Disclaimer: This site is not affiliated with the National Hurricane Center, Hurricane Hunters, Storm Prediction Center, or National Weather Service. ALL forecasts herein are the result of my analysis, and I am solely responsible for the content. As ALWAYS, follow the National Hurricane Center, National Weather Service, and your local Emergency Management officials for emergency decisions. In addition, this is strictly a FORECAST OFFICE. I CANNOT make decisions regarding travel plans, etc. My purpose, is to provide you the information, based solely on information I analyze, and the accuracy of the information at hand of the time of analysis, so you may make informed decisions.
(T. F. “Storm” Walsh)
For those who have donated to my site, your help has been greatly appreciated. If you are not aware, donations to my site help pay for subscriptions to sites I use as well as software updates, which provide all the models and information used in my forecasts. To donate, please click the DONATE button to the right side of the page, or on the graphic of the dog. Any help you provide is immensely appreciated!
DONATIONS NEEDED AND APPRECIATED
Please be aware, even though I do not post every night, rest assured I am continuously monitoring various areas for any significant weather. I will be taking Sundays off (family time), unless we have active systems that may be posing a threat (i.e. Tropical, Winter Weather, Coastal Storms, etc.).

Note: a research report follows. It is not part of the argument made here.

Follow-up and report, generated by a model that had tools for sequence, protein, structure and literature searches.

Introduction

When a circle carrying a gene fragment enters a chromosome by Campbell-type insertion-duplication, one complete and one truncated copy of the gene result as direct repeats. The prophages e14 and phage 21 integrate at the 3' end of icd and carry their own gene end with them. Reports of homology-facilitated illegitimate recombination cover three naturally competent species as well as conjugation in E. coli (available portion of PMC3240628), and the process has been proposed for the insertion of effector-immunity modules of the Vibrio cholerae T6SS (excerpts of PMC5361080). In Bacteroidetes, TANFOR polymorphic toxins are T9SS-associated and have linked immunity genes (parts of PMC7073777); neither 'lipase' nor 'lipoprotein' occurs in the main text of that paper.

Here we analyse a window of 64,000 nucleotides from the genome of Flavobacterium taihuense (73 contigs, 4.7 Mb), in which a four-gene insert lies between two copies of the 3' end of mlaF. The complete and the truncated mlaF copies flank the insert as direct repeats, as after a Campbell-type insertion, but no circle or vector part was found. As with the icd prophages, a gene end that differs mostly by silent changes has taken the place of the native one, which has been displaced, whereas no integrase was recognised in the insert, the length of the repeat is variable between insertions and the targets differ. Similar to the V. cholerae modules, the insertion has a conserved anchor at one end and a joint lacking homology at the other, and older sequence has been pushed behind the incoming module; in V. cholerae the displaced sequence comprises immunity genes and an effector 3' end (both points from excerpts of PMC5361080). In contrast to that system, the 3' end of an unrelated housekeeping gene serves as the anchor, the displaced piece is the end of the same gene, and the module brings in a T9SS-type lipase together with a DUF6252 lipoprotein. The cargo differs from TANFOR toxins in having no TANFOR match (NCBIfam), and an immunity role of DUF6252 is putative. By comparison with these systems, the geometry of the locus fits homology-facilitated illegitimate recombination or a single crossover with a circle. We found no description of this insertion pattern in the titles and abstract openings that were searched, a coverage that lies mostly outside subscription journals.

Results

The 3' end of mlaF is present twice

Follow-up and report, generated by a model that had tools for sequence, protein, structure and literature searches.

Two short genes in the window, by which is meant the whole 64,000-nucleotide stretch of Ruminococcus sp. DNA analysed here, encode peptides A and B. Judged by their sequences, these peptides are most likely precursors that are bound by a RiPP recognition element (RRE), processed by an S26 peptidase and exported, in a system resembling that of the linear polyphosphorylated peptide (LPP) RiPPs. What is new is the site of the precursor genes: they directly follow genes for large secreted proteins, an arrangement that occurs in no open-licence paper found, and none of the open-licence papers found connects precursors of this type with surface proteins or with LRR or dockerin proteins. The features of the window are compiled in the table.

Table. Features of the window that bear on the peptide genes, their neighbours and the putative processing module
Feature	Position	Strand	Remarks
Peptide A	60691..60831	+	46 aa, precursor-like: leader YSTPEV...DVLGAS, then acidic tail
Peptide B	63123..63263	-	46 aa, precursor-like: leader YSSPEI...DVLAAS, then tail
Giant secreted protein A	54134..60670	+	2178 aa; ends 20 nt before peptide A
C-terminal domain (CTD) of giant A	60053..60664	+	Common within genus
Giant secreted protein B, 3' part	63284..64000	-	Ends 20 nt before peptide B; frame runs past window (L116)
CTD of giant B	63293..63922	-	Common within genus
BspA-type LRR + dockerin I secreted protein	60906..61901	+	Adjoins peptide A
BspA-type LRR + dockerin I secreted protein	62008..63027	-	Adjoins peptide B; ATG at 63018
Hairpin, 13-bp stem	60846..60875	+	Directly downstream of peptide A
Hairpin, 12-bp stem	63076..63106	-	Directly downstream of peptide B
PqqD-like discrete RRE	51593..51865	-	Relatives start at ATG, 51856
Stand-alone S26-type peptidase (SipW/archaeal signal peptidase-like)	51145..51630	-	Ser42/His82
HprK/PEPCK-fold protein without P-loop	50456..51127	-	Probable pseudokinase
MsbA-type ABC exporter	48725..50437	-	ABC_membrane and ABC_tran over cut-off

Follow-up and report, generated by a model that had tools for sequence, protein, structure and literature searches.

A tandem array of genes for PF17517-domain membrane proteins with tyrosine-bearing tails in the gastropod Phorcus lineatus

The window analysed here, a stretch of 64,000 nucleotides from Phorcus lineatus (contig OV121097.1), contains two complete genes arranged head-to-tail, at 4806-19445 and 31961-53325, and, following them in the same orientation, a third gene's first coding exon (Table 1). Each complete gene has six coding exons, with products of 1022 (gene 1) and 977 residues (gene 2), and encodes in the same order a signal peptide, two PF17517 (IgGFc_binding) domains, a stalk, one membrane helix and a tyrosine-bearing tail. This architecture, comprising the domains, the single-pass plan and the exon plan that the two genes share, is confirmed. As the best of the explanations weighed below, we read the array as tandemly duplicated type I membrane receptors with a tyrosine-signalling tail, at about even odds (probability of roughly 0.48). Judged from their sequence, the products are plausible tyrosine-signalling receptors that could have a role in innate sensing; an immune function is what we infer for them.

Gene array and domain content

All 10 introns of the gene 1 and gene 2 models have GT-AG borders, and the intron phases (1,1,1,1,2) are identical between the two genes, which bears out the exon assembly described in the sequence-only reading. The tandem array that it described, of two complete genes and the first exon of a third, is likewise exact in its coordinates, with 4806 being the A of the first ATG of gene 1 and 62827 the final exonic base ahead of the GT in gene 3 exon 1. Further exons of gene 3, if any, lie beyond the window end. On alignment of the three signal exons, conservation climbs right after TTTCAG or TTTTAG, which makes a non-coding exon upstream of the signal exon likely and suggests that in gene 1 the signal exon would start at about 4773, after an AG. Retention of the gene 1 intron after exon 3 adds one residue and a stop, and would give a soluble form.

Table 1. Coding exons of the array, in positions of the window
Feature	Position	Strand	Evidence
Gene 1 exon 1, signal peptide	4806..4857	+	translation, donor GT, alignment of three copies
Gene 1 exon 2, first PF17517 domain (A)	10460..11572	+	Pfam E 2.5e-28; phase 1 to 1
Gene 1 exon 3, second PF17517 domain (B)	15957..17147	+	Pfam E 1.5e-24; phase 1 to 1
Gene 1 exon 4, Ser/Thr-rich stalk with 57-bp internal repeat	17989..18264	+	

STORM WALSH PRE-SEASON FORECAST
TOTAL NAMED STORMS: 17 – 20
TOTAL HURRICANES : 7 – 9
MAJOR HURRICANES: 4 – 5
AVERAGE HURRICANE SEASON:
TOTAL NAMED STORMS: 14
TOTAL HURRICANES: 7
MAJOR HURRICANES: 3
2021 SEASON TOTALS:
TOTAL NAMED STORMS: 8
TOTAL HURRICANES: 3
MAJOR HURRICANES: 1
TOTAL U. S. LANDFALLS: 5
The following is the list of storm names for the 2021 Atlantic Hurricane Season:
Ana Bill Claudette Danny Elsa Fred Grace Henri Ida Julian Kate Larry
Mindy Nicholas Odette Peter Rose Sam Teresa Victor Wanda
As a storm becomes named, I will be marking it in bold red to keep track of the activity for this Atlantic season.
Please note..when we are dealing with multiple systems, they will be listed in order as to the greatest threat to land or the U. S. , to the least threat.
Good evening everyone,